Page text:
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Tuesday, June 20, 2017

Dirt roads and firefighter training take center stage at Genesee Twp. meeting

By Sharon Corderman

Genesee Township supervisors voted unanimously at their June 6 meeting to purchase $25,000 of gravel for dirt road maintenance. Supervisors didn’t know when gravel had last been bought for the roads, but said it had been quite some time since material other than what is produced from the leased gravel pit has been used. They cautioned that $25,000 will buy only 1,850 tons of gravel, which will do a little more than one mile of road and therefore will be used just on the worst sections. Genesee Township has 27 miles of dirt roads and slightly more than eight miles of paved roads.

Owners of three properties on French/Rooney Road attended the meeting to complain about the condition of their road, saying that during the Memorial Day weekend the road was worse than they have ever seen it. Another resident on that road had called PennDOT to complain, an action which sets into motion an inspection by the District 2 administrators from Clearfield. Municipal Services Supervisor Randy Albert and Specialist Daren Stover inspected the road on Tuesday, May 30, and reported that, considering it had rained 2-1/2 inches over the previous five days and the spring grading had recently been completed, the road conditions were about what could be expected.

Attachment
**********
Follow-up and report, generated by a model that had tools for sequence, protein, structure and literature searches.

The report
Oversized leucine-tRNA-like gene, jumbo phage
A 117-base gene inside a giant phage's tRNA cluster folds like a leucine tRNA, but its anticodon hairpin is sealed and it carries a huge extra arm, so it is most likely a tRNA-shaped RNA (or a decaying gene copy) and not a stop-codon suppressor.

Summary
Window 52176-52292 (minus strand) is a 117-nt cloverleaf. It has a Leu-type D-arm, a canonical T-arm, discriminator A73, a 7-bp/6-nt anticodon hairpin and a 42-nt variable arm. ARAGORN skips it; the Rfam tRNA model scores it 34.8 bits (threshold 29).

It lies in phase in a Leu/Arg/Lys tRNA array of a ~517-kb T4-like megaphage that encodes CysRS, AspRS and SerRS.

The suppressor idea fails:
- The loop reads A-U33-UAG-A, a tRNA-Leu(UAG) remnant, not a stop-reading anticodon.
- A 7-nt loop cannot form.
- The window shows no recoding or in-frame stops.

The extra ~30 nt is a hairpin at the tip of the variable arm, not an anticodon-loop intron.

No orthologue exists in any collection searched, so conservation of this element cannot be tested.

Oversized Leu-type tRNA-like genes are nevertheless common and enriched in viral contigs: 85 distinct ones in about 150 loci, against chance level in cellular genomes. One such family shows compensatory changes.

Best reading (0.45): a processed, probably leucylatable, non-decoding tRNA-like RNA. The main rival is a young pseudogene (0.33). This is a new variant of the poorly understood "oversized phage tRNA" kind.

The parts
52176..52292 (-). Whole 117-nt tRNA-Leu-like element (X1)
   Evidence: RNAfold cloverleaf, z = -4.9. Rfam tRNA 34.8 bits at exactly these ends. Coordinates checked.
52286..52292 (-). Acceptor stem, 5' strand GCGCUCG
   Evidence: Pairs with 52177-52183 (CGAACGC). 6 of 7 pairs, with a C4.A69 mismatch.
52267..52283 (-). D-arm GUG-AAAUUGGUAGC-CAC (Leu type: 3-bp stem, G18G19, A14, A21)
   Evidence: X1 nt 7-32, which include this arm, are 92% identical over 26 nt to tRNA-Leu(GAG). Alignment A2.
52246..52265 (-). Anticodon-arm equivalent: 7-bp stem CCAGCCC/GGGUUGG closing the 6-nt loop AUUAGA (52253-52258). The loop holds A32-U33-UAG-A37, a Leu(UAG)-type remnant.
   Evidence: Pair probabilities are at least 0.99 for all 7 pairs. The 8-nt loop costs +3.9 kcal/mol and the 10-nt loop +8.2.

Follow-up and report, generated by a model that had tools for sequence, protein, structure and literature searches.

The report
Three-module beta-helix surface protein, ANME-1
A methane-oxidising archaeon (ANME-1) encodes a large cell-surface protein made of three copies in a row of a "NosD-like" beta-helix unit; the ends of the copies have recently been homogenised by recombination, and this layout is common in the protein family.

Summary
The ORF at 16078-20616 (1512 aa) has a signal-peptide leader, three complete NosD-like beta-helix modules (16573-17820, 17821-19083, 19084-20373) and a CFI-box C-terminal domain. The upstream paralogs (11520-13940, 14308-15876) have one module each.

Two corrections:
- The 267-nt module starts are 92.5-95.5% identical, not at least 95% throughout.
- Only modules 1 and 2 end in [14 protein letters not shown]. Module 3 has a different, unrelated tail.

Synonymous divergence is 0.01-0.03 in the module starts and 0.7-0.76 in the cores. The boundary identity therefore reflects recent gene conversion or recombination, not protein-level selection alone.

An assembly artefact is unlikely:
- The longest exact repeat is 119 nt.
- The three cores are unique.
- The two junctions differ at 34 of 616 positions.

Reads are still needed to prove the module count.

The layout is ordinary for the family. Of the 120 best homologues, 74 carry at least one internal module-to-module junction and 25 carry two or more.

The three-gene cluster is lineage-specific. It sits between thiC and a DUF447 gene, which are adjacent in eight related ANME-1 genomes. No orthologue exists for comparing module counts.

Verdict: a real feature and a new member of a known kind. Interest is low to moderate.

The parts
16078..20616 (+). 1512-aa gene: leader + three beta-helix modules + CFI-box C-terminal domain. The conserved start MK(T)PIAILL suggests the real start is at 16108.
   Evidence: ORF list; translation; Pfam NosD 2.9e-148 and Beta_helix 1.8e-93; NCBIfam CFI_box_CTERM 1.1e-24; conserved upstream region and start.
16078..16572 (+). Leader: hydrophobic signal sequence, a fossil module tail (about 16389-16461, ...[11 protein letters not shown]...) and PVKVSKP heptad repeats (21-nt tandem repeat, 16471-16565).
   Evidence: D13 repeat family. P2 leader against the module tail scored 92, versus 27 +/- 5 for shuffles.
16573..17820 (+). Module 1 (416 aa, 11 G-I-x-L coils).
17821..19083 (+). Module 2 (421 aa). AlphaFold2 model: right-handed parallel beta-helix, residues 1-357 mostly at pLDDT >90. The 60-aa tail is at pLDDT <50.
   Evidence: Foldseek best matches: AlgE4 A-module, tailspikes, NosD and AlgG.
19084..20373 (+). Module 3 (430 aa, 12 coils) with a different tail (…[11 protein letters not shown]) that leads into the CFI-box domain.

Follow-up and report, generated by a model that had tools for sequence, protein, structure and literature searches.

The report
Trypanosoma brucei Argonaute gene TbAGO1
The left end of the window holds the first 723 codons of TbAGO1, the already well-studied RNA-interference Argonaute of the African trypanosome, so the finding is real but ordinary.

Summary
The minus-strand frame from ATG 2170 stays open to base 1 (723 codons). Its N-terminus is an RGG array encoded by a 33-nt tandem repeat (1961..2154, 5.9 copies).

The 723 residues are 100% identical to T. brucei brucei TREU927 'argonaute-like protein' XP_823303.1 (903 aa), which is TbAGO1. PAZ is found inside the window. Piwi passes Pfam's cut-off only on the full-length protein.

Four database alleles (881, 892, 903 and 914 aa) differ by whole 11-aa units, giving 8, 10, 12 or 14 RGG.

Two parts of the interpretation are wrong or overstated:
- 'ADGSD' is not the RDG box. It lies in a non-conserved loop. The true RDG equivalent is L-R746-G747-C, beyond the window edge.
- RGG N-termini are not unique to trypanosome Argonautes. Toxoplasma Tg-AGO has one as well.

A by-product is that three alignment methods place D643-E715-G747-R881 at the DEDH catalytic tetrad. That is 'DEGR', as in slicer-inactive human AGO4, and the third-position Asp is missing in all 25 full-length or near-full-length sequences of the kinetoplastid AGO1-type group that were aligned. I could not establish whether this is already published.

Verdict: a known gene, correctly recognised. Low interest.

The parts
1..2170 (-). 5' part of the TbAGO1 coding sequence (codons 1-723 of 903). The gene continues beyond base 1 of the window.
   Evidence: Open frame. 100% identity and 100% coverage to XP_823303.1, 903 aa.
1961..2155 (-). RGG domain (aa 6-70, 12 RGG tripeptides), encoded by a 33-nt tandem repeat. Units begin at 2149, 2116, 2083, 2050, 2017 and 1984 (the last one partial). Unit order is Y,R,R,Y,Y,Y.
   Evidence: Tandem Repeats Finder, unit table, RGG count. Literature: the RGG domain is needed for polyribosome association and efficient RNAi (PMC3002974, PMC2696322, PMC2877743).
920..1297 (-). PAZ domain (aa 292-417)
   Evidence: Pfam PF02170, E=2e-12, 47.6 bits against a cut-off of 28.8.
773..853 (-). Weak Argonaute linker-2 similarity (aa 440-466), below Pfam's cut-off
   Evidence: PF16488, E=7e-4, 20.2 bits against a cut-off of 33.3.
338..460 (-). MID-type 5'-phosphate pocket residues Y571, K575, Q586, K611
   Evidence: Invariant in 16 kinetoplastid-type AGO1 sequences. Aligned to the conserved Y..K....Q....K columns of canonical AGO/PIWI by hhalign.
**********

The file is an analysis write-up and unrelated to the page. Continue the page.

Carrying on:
Roadmaster Colby Cooney reported that 22.3 miles of grading was completed during May and cold patch was applied to potholes on paved roads. He apologized for the muddy conditions on some of the dirt roads after the rain storms and added that those roads, as they dried, were being worked with the rake to smooth the surface. Cooney added that the customary grading and roadwork done each spring and fall is not only to repair potholes, washboarding and other damage from the winter and summer months, but also, in the interest of emergency preparedness, provides an opportunity to maintain a full two-lane road, sufficiently wide for emergency responders to stage equipment and move through an emergency scene. He noted that the space to readily get equipment, personnel and continued support, such as water tankers or additional medics, to such a scene could be critically important to the outcome. A resident said that despite the additional time and expense while grading roads he would like to see the material that is brought out of the ditches loaded up and hauled away.

Another resident said he noticed during the winter that when tire chains were used on the plow trucks they weren’t taken off while plowing the paved roads and he believes this could damage the pavement. He said he understands the need for chains on the dirt roads but, since the condition of the township’s paved roads are already a concern, he thinks the chains should be taken off when the trucks enter those roads. Board Chairman Scot Miller said it would be taken into consideration.